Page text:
In DNA Era, New Worries About Prejudice
New York Times, 2007-11-11


Eden? Maybe. But Where’s the Apple Tree?
New York Times, 2009-05-01


Signs of Neanderthals Mating With Humans
New York Times, 2010-05-07

Neanderthals mated with some modern humans after all
and left their imprint in the human genome,
a team of biologists has reported in
the first detailed analysis of the Neanderthal genetic sequence.

The biologists, led by Svante Paabo of the
Max Planck Institute for Evolutionary Anthropology in Leipzig, Germany,
have been slowly reconstructing the genome of Neanderthals,
the stocky hunters that dominated Europe until 30,000 years ago,
by extracting the fragments of DNA that still exist in their fossil bones.
Just last year, when the biologists first announced
that they had decoded the Neanderthal genome,
they reported no significant evidence of interbreeding.

Scientists say they have recovered 60 percent of the genome so far
and hope to complete it.
By comparing that genome with those of various present day humans,
the team concluded that
about 1 percent to 4 percent of the genome of non-Africans today
is derived from Neanderthals.

[Ma Ma! Da Da!]

Studies Show Genetic Similarities of Jews
New York Times, 2010-06-10

Jewish communities in Europe and the Middle East
share many genes inherited from
the ancestral Jewish population
that lived in the Middle East some 3,000 years ago,
even though each community also carries genes from other sources —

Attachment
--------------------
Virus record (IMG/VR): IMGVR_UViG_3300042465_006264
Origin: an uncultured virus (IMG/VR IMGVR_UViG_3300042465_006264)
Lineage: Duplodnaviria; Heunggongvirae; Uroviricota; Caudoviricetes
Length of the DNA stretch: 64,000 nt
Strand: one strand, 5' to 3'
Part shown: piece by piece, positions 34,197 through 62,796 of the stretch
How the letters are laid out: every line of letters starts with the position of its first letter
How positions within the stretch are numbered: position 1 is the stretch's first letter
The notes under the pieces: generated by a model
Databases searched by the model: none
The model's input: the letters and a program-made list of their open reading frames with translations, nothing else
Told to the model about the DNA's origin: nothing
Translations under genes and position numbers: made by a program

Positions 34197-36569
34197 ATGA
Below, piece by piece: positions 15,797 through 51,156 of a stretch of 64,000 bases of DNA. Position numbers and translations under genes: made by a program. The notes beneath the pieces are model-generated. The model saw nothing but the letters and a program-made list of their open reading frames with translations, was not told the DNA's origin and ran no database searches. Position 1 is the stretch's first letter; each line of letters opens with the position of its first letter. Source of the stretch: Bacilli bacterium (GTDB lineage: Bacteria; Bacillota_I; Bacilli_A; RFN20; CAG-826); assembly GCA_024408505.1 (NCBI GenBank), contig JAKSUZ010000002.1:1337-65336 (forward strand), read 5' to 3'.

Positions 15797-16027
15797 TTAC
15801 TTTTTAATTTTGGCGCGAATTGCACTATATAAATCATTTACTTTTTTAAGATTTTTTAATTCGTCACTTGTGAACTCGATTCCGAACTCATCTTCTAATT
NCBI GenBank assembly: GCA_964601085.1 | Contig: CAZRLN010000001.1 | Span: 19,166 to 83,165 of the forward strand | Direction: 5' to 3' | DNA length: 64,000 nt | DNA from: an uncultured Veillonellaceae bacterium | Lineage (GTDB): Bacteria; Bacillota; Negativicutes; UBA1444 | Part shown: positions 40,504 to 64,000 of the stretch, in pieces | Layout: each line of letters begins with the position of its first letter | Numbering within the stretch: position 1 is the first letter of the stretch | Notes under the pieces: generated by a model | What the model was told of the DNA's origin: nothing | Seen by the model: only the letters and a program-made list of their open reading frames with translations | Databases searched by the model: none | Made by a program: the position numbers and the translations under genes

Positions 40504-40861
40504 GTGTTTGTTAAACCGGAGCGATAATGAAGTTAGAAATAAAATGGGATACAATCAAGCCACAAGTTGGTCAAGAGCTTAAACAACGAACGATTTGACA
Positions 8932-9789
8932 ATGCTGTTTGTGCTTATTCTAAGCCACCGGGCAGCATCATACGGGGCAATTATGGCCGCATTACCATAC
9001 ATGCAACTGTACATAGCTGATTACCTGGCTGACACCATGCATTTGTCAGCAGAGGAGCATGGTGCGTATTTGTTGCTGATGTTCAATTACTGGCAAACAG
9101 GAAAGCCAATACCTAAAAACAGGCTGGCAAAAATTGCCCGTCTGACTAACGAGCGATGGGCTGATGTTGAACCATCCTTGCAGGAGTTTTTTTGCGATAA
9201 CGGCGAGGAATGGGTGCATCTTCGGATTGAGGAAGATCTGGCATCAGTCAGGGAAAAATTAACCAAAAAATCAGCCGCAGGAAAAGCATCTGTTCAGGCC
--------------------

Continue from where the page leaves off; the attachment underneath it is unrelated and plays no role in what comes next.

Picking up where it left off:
usually the country in which it lives.

That is the conclusion of two new genetic surveys,
the first to use genome-wide scanning devices
to compare many Jewish communities around the world.

A major surprise from both surveys is
the genetic closeness of the two Jewish communities of Europe,
the Ashkenazim and the Sephardim.
The Ashkenazim thrived in North and Eastern Europe
until their devastation by the Hitler regime,
and now live mostly in the United States and Israel.
The Sephardim were exiled from Spain in 1492 and from Portugal in 1497
and moved to the Ottoman Empire, North Africa and the Netherlands.


Jewish communities from Europe, the Middle East and the Caucasus
all have substantial genetic ancestry that traces back to the Levant,
except for Ethiopian Jews and two Judaic communities in India,
which are genetically much closer to their host populations.


The shared genetic elements suggest that

members of any Jewish community are related to one another
as closely as are
fourth or fifth cousins in a large population,

which is about 10 times higher than the relationship between
two people chosen at random off the streets of New York City,
Dr. Atzmon said.

Ashkenazic and Sephardic communities have roughly 30 percent European ancestry, with most of the rest from the Middle East, the two surveys find. The two communities seem very similar to each other genetically, which is unexpected because they have been separated for so long.

One explanation is that they come from the same Jewish source population in Europe. The Atzmon-Ostrer team found that the genomic signature of Ashkenazim and Sephardim is very similar to that of Italian Jews, suggesting that an ancient population in northern Italy of Jews intermarried with Italians could have been the common origin. The Ashkenazim first appear in northern Europe around 800 A.D., but historians suspect they arrived there from Italy.

Another explanation, which may be complementary to the first, is that there was far more interchange and intermarriage than expected between the two communities in medieval times, despite the fact that they spoke different languages.


Sickle cell testing of athletes stirs discrimination fears
By Rob Stein
Washington Post, 2010-09-20


Race reemerges in debate over ‘personalized medicine’
By Rob Stein
Washington Post, 2011-08-01